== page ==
Inching toward collision ban, more replay

SCOTTSDALE, Ariz. -- A few months ago, even a few weeks ago, it looked as though the final details of baseball's bold new replay world were going to be dropped into place at the January owners meetings.

Uh, not so fast.

One slight problem: MLB still hasn't cut a deal with either the players' or umpires' unions. Not on replay. Not on changes in the rules regarding collisions at home plate.

So while owners will be briefed at Thursday's meeting on both of these seismic changes in their sport, it still isn't clear whether they will vote formally -- or what they would actually vote on if they vote at all.

Two prominent members of the committee in charge of both issues -- Atlanta Braves president John Schuerholz and MLB's executive vice president for baseball operations, Joe Torre -- both assured ESPN.com on Wednesday that they were "confident" the sport was moving toward agreements with the players and umpires.

But nobody ever promised them this would be easy. Or quick. Or perfect. And it's a good thing -- because every time they try to put one piece of the new replay system in place, it seems to throw another piece out of whack, kind of like a Rubik's Cube.

"Oh, it's not quite Rubik's Cube," said Schuerholz, who has overseen the grand replay experiment over the past few months. "More like half of Rubik's Cube."

Hmmm. If there are any geometry whizzes out there who can explain whether it's possible to construct half a cube, let us know. But the point is: Replay is complicated, OK? And even though these men think they can see the finish line (or is it the starting line?) and spring training is just four weeks away, it never gets less complicated.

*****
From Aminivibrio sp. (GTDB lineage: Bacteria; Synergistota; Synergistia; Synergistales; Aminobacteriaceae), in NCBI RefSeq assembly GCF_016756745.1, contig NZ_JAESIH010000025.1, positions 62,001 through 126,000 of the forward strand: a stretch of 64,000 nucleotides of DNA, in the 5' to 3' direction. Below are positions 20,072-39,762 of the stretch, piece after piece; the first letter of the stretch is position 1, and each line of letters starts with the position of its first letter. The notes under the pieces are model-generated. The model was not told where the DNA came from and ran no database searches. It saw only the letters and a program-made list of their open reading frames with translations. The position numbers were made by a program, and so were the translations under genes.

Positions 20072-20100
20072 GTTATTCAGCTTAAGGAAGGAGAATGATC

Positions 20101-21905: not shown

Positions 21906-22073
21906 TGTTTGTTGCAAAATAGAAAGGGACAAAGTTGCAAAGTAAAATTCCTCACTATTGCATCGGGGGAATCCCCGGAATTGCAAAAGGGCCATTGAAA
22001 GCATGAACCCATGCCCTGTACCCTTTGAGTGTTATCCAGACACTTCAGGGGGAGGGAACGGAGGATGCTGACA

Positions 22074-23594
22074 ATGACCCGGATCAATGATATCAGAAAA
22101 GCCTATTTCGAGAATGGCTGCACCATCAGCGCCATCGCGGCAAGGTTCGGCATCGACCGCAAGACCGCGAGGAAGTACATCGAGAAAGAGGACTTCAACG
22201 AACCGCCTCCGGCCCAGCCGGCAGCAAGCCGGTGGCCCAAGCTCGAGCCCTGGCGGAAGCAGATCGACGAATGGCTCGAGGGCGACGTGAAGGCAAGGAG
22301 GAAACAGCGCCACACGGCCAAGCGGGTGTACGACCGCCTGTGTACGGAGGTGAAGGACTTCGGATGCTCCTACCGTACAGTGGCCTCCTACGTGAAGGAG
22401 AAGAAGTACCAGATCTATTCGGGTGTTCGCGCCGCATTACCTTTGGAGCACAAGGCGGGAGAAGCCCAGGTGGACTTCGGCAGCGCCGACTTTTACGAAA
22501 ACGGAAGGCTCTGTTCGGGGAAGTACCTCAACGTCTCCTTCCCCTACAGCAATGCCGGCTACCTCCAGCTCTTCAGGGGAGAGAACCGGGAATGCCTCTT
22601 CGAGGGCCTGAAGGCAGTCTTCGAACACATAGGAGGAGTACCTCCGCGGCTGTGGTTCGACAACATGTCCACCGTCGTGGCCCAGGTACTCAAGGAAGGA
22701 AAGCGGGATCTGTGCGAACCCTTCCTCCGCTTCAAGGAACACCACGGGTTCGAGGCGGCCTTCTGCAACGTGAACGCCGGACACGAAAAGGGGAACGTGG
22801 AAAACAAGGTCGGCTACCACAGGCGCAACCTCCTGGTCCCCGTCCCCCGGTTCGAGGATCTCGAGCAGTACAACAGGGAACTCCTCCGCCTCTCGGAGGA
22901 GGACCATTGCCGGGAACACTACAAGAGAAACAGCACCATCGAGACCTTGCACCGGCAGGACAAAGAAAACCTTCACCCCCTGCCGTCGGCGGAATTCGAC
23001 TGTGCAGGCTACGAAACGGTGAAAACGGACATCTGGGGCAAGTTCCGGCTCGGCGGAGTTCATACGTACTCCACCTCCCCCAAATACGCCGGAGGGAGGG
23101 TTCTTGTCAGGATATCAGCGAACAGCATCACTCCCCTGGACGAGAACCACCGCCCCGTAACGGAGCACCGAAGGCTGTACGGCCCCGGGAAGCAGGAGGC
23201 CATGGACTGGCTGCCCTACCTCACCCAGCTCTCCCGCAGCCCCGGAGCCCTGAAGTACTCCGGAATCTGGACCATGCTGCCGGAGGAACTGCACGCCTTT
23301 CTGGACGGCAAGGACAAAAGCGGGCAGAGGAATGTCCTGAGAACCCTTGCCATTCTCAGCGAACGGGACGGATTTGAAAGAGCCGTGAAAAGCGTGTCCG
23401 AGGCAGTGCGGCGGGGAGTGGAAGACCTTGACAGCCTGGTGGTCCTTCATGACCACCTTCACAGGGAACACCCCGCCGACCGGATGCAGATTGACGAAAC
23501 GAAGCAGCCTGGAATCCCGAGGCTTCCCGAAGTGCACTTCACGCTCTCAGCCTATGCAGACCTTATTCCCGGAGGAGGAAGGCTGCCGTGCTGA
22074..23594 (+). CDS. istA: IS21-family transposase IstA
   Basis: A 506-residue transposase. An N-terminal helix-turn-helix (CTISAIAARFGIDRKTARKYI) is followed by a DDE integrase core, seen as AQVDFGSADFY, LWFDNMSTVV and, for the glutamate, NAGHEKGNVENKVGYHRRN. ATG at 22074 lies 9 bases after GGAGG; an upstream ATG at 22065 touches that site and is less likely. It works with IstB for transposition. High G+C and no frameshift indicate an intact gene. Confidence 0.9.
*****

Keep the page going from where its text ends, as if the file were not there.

So the smartest thing Schuerholz, Torre and their partner in replay crime, Tony La Russa, have done as they put this puzzle together is to admit, right up front, that whatever system they roll out in the next few weeks, it won't be the ultimate finished product.

"This is, as we've said from the very beginning, a three-year rollout," Schuerholz said. "We understand that. And the reason we made it a three-year thing, and not one year, and not two years, is that we expect, as we get into this first year, that we'll see some things that worked great … and we'll see some things that need tightening up, and some things that need to be altered. And by the end of the second year, we'll be ready to have a plan that, if it's not foolproof, is at least close to it."

But that tells us, of course, that the plan that will get rolled out for this season has a chance to get messy at times.

Which is a great thing for those of us looking for more juicy "SportsCenter" topics. But it might not be such a great thing for teams and players who wind up on the wrong end of a replay decision that runs amok.

So players, naturally, have voiced their concerns. About how much time teams will have to challenge a play. About what could be done to keep the other team from stalling while it figures out whether to challenge. And about what is being done to upgrade technology in all 30 parks so that a game in Milwaukee has the same number of replay angles available as a game in Dodger Stadium.

And managers have also fired out their concerns. They're not exactly ecstatic, obviously, over all their new opportunities to get second-guessed, over all the calls they decide not to challenge, or the calls they challenge incorrectly. But their bigger worry is about other teams having access to live video feeds during games, and instant communication with the dugout, which could lead to all sorts of subterfuge.

"We've put everyone on notice about that," Schuerholz said. "And we expect them to honor the integrity not only of our system but of our game."